how to escape the sales
It’s a big sale weekend, and retailers really want you to know it. If you're feeling the pressure to shop for stuff you don't need—I'm sharing seven ways I escape the sales, from my trusty adblocker to shopping my closet to just logging the eff off.
Happy Friday—it’s Memorial Day weekend, and despite a global pandemic, it’s a big sale weekend, and retailers really want you to know it. Fashion brands are in turmoil right now—even before the pandemic, the McKinsey State of Fashion report wrote that "continued caution is advised for the year ahead as mounting underlying turmoil could disrupt relations among both developed and emerging market economies." And now we're looking at a whole new world for retail stores and shopping. Retail sales fell 16% in April, our beloved slow fashion brands are struggling or closing, and we're even more aware (and conscientious about) of who made our clothes and where our money is going. It's no wonder brands are working hard to get us to shop right now.
Sales can be a fantastic way to access expensive items you might not be able to afford otherwise, but they can tip you right over the edge into buying items (at any price) you don’t actually want or need. Retail marketing tactics are super-savvy—as this article from NYTimes shows on how e-commerce sites manipulate us—and our damn brains—we fall for it all the time, even when we objectively know better.
I talk a lot about how getting satisfied with your personal style means you get the mental space back to not do things like spend three hours in an afternoon looking at clothes online. Confession, though: I still do it sometimes.
A while back I looked at a pair of straight leg jeans that I thought might, from the photos, be a fit for me and my body. I did my research: I emailed customer service about the measurements, I searched secondhand, I tried to find alternative model photos. I’m curious about them, but I’m 80% sure they won’t fit. I had decided, nah, probably not these.
This entire week I’m being aggressively retargeted by those damn jeans. They are everywhere I go online. This retailer is working hard to get me to buy in their weekend sale: ads everywhere, an extra-on-top-of-sale-price discount code this weekend only… My brain is on overdrive going, “what if they are the straight-leg jeans that finally fit me the way I want?” (I hope you can hear my internal self’s eyes rolling from here, because: I saw those measurement numbers.)
It took a while, but I finally realized three things: a) I absolutely don’t need more jeans, b) even though these are a style I am searching for, the hard, cold numbers of the measurements tell me they’re not likely to be the ones, so I definitely don’t need more jeans that don’t even fit me the way I want, and c) half the reason I’m still looking is because I’m envious of how the model looks. And worst of all, because I had gone down the rabbit hole of online shopping, now I was starting to look at other stuff, too. Yikes—none of this is good.
If you’re feeling the same thing, here’s seven ideas to stop it, quick.
1 — Turn on your adblocker!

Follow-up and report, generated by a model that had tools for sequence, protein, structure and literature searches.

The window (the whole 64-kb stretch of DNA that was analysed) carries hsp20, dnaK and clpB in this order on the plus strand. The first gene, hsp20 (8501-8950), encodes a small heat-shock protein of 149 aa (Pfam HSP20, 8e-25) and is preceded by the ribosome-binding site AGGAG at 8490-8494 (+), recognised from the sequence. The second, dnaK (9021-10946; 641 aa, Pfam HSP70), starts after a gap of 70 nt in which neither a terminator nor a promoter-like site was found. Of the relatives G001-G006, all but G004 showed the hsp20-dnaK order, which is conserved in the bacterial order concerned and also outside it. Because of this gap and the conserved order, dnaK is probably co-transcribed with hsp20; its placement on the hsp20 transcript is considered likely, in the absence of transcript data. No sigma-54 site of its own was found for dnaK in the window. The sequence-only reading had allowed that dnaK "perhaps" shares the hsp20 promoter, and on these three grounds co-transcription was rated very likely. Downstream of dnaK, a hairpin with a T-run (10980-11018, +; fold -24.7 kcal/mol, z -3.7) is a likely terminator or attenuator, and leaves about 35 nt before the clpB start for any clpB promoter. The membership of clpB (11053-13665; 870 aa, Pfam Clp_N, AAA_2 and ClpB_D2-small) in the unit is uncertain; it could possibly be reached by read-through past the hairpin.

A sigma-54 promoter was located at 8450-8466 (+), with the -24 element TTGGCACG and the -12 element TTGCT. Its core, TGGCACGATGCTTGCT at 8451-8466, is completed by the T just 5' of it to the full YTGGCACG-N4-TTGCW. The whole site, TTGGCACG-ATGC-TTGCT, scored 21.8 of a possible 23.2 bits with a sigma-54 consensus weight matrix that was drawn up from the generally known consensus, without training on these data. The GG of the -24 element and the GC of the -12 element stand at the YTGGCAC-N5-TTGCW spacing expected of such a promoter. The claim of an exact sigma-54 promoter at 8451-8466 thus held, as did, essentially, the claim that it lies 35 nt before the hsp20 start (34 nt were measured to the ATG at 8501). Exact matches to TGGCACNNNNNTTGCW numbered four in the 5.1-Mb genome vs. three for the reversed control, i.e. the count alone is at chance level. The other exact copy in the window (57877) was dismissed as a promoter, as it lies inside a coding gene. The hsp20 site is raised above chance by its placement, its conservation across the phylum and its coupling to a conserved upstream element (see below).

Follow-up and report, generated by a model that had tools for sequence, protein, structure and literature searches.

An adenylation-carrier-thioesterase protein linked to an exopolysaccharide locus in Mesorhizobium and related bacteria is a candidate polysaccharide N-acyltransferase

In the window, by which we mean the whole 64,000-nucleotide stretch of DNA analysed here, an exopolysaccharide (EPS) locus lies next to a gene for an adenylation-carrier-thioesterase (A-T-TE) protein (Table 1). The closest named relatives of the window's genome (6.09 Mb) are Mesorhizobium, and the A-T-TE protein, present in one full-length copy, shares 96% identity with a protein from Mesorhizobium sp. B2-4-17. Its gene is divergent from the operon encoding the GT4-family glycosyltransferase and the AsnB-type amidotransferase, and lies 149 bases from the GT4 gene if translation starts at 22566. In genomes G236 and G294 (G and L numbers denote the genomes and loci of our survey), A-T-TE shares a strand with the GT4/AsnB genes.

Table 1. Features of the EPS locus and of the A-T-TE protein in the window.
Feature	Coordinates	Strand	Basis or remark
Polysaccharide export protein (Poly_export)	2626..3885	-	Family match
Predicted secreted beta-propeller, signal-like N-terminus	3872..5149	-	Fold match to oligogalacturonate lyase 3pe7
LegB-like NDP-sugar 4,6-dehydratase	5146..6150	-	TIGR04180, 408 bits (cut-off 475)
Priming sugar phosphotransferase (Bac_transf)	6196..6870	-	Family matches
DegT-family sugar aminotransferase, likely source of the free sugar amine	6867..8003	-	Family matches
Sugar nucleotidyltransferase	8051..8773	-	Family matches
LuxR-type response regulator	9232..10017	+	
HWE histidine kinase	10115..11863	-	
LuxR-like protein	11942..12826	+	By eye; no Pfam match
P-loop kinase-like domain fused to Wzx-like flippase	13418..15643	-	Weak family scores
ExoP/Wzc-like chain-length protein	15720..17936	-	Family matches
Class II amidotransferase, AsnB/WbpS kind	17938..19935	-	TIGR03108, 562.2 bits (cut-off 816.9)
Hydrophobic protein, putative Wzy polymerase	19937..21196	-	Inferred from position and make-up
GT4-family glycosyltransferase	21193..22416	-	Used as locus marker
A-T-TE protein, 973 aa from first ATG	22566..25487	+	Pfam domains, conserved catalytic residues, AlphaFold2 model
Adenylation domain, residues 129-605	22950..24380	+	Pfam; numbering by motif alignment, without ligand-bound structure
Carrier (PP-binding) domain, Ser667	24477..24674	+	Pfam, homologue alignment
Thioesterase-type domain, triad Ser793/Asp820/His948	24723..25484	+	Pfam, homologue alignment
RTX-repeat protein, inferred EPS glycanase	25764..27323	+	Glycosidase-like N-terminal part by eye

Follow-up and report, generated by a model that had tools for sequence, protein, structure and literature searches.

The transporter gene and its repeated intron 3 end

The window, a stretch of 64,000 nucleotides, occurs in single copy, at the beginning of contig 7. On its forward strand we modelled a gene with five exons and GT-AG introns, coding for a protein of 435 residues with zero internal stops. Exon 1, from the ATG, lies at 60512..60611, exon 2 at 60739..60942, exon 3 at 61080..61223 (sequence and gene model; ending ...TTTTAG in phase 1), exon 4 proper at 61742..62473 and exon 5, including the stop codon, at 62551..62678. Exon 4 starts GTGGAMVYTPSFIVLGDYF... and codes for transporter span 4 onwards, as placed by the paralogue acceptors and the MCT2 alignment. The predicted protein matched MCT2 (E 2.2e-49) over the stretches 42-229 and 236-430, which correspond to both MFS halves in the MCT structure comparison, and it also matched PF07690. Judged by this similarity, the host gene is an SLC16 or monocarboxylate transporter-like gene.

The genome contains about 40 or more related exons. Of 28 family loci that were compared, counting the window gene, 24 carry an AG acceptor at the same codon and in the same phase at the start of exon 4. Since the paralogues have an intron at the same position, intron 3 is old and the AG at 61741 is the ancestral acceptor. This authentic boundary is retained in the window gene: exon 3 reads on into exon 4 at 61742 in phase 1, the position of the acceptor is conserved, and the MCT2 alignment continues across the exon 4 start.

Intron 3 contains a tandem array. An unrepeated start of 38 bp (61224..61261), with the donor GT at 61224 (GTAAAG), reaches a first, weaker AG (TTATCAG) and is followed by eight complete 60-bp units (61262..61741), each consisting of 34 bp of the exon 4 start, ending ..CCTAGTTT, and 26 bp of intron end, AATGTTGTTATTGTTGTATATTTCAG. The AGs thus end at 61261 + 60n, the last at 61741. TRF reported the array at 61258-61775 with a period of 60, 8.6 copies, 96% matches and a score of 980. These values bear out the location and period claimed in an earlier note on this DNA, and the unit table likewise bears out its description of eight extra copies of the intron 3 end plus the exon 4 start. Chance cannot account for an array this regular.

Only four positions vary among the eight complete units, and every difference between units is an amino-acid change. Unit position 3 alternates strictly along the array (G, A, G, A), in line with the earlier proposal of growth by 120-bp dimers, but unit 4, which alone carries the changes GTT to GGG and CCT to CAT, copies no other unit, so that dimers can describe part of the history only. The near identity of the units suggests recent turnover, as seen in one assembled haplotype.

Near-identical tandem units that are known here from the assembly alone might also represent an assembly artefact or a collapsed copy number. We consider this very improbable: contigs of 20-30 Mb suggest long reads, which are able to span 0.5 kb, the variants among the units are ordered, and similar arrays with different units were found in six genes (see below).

Getting ads for items you’ve recently looked at is called retargeting. To simplify, it’s a way for a site to track what items you’ve looked at, and connect that with other sites where they advertise. As this explainer says, “Retargeting helps remind someone of your product as they continue browsing the internet, whether they're on social media, their favorite news site or researching your competitors.” Wow, thanks, exactly what we needed! But it works: statistics on retargeting vary by study but generally show that someone who clicks on a retargeted ad is more likely to buy the product by a lot, 20-50% usually—and probably to buy more, too.
My first strategy is to get rid of the ads, quick. That means busting out the adblocker. AdBlock Plus is the most well-known adblocker (and what I use), but there’s a lot of options for various browsers. I don’t usually leave it on, or if I do, I turn on “Acceptable Ads,” which are clearly labeled, don’t disrupt website reading flow, play music or launch popups — and ads are a huge part of how online retailers make money. I’m okay with supporting smaller companies and sites I like with their ads.
But… sometimes I need a break! So turning off all ads for the weekend means a little bit of space between those jeans and the dopamine high of shopping. As a bonus, it makes the Internet look a lot nicer:
This doesn’t help with Instagram ads, of course—but if they’re really getting to you, it might be time to get off Instagram for a few days til the intensity subsides.
2 — Block the websites themselves.
Unfortunately, we still know the URLs of our favorite shopping sites. If you really need a forcing mechanism, using a website blocker can keep you away for a bit.
Typically site blockers like this are described as “for productivity” — get off Facebook and get back to work! They’re equally effective for shopping, though. I like Cold Turkey, because you can create customized block lists. Over time, you can build up a pretty impressive (or depressing?) list of sites—or even apps—you want to avoid. You can set a timer for hours or even days, or give yourself a daily allowance. It’s super effective.
Turning this on for the weekend, so not only am I avoiding the ads, I can’t go directly to buy those jeans in a moment of weakness.
3 — Unsubscribe from brand emails.
This might not help you today, but I periodically go through and unsubscribe from brand emails.
Some brands I like getting emails from: solopreneurs and friends who own businesses, because it supports them; newsletters from some brands that are less ads and more interesting stuff; and the occasional brand I actually do stay subscribed to. (For example, one of those for me is AYR. Their emails are short, often funny and witty, and I know pretty well what items from them I will and won’t like, so I’m rarely tempted into buying something I don’t actually need or want.)